MATLAB Bioinformatics Tools

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2 Οκτ 2013 (πριν από 4 χρόνια και 1 μήνα)

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MATLAB Bioinformatics Tools

Rob Henson

The MathWorks, Inc.

Who Am I?


Development manager for Bioinformatics
group at The MathWorks


Natick, MA


Software developer


Background in algorithm design and
software engineering

What do I do?


Write software for bioinformatics


Sequence analysis


Microarray data analysis


Some consulting


Bioinformatics algorithm design


Machine learning tools


E.g. Neural networks, HMMs etc.

My solution to dotplot

>> map = eye(128);

>> spy(map(seq1,seq2))

Why does this work?

How could we make this better?

Enhancements to dotplot


Does map need to be 128?


What is the right value?


Can we use less memory?


How do we deal with bad inputs?


Can we extend this to look for longer
patterns?

Some useful tools


edit


dbstop


profiler


Getting help


Documentation


Technical Support Knowledge Base


Newsgroup

A full implementation of dotplot

function matches = dotplot(seq1,seq2,window,stringency)

% DOTPLOT Visualize sequence matches.

% DOTPLOT(S,T) plots the sequence matches of sequences S and T.

%

% DOTPLOT(S,T,WINDOW,NUM) plots sequence matches when there

% are at least NUM matches in a window of size WINDOW. For nucleotide

% sequences a WINDOW of 11 and NUM of 7 is recommended in the

% literature.

%

% MATCHES = DOTPLOT(...) returns the number of dots in the dotplot

% matrix.

%

% Example:

% moufflon = getgenbank('AB060288','sequence',true);

% takin = getgenbank('AB060290','sequence',true);

% dotplot(moufflon,takin,11,7)

%

% This shows the similarities between prion protein (PrP) nucleotide

% sequences of two ruminants, the moufflon and the golden takin.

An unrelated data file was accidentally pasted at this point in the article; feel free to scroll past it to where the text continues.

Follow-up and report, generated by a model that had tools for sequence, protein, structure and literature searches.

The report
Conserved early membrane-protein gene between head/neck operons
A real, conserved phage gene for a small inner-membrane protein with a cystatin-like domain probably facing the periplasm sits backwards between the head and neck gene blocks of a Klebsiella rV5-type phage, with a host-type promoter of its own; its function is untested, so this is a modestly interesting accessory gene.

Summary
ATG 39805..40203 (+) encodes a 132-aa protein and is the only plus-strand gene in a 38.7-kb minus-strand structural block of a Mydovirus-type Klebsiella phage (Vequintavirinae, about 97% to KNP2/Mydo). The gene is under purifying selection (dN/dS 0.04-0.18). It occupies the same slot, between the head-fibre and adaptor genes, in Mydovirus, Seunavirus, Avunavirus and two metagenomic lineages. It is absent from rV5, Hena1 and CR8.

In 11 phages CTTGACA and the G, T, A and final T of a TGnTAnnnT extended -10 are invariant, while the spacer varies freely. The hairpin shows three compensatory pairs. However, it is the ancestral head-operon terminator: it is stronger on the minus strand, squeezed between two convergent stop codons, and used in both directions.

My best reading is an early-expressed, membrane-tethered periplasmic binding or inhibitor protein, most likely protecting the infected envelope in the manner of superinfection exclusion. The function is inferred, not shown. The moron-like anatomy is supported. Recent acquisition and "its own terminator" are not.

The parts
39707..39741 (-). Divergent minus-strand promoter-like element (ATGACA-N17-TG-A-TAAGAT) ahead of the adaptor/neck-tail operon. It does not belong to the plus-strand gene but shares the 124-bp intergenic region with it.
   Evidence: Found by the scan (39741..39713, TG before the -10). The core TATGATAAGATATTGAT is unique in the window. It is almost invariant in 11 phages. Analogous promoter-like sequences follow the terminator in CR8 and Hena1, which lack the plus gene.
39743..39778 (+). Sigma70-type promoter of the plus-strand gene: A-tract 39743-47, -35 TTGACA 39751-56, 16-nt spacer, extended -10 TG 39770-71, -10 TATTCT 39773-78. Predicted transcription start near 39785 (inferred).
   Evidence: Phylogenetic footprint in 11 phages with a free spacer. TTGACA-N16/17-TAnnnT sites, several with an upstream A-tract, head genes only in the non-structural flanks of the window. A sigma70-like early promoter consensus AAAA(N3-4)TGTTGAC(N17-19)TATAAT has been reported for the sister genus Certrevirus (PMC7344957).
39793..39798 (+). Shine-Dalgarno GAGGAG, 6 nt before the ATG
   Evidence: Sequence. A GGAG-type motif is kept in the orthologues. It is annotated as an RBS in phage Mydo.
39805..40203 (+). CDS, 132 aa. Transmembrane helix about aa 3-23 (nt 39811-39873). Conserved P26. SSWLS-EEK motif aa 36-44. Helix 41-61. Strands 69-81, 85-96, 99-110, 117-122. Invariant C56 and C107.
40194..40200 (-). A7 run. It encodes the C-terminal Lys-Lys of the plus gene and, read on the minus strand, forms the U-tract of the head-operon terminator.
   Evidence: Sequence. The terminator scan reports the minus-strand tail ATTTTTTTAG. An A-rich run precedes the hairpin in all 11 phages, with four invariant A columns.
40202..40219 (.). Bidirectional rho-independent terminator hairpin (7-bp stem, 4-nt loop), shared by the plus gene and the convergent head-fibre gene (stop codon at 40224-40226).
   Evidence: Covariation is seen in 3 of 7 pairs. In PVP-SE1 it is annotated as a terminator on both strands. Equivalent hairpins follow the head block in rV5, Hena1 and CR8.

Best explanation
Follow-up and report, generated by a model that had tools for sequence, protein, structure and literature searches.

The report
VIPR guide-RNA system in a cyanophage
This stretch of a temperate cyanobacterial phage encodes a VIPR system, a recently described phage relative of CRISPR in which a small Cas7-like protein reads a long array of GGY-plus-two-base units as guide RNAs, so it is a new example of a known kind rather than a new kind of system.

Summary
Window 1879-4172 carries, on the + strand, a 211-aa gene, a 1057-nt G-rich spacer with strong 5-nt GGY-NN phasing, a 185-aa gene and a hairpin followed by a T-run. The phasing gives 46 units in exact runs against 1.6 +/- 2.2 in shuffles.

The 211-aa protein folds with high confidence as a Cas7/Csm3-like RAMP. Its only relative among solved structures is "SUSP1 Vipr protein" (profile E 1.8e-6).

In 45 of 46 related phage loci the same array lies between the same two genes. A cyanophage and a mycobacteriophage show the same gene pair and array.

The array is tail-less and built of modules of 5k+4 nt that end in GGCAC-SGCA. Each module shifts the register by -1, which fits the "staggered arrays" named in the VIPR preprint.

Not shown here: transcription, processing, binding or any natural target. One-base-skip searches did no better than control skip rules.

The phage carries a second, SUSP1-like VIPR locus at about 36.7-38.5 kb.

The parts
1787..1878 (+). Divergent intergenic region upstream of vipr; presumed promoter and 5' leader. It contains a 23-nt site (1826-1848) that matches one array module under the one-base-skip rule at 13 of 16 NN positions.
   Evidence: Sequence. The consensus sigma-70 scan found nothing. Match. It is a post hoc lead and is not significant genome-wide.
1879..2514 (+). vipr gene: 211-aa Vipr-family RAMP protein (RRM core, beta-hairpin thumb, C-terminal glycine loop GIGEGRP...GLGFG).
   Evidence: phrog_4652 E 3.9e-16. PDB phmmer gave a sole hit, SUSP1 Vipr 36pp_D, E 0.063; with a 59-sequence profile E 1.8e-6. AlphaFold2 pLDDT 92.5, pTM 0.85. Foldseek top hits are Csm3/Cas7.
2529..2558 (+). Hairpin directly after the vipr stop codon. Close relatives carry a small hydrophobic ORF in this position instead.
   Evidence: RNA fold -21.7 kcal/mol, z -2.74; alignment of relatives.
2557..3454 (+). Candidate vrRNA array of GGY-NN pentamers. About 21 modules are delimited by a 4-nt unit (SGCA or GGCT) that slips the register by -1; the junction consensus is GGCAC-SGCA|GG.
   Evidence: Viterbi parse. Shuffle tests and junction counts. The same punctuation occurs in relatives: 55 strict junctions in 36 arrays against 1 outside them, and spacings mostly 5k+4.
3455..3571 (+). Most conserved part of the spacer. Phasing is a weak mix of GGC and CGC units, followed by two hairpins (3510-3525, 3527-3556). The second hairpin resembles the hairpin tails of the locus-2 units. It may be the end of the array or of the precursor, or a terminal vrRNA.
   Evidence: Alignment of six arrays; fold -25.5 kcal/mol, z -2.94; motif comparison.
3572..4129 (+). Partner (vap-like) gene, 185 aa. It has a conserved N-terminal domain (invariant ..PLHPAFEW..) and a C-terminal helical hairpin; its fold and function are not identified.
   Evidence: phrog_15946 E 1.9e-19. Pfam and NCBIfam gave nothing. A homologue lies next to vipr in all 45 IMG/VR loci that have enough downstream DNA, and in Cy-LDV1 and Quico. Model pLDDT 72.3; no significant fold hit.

%

% See also NWALIGN, SWALIGN.


Sequence properties


Amino acid composition


histc function


Molecular weight


Indexing and sum function


Hydrophobicity

Molecular weights

A: 89.000

R: 174.000

N: 132.000

D: 133.000

D: 121.000

Q: 146.000

E: 147.000

G: 75.000

H: 155.000

I: 131.000

L: 131.000

K: 146.000

M: 149.000

F: 165.000

P: 115.000

S: 105.000

T: 119.000

W: 204.000

Y: 181.000

V: 117.000

http://cn.expasy.org/tools/pscale/Molecularweight.html

mw = [89.0900


0


121.1500


133.1000


147.1300


165.1900


75.0700


155.1600


131.1700


0


146.1900


131.1700


149.2100


132.1200


0


115.1300


146.1500


174.2000


105.0900


119.1200


0


117.1500


204.2300


0


181.1900];

seq = ‘MATLAPEEPQSDPSVEPPLSQETFSDLWKLLPENNVLSP’;

seqmw = mw(seq
-
’A’+1);

plot(seqmw)

proteinplot

Assignments

1. Create a hydrophobicity plot

You can get the amino acid values from
http://cn.expasy.org/cgi
-
bin/protscale.pl

Use Kyte & Doolittle’s values.

Create a function that has two inputs, the
sequence and the window size. The function
will create a hydrophobicity plot. The help
for the function is on the next slide…

function hydrophobic(sequence, window_length)

% HYDROPHOBIC plots the hydrophobicity of an amino acid sequence

% HYDROPHOBIC(SEQUENCE,WINDOW_LENGTH) creates a hydrophobicity plot of

% SEQUENCE using a smoothing window of length, WINDOW_LENGTH.

%

% SEQUENCE must be a valid amino acid sequence. If SEQUENCE contain any

% symbols other than the standard 20 amino acid letters, the function

% will give an error message. SEQUENCE can be either upper or lower case.

%

% WINDOW_LENGTH must be an odd positive integer.

%

Assignments

2. Modify the function to return the maximum
and minimum hydrophobicity values in the
plot.


Make appropriate changes to the help for
the function.

Advanced example


Alignment significance


Alignment algorithms such as Smith
-
Waterman
and Needleman
-
Wunsch always find some
alignment. How do we know if what they find
is significant or simply random?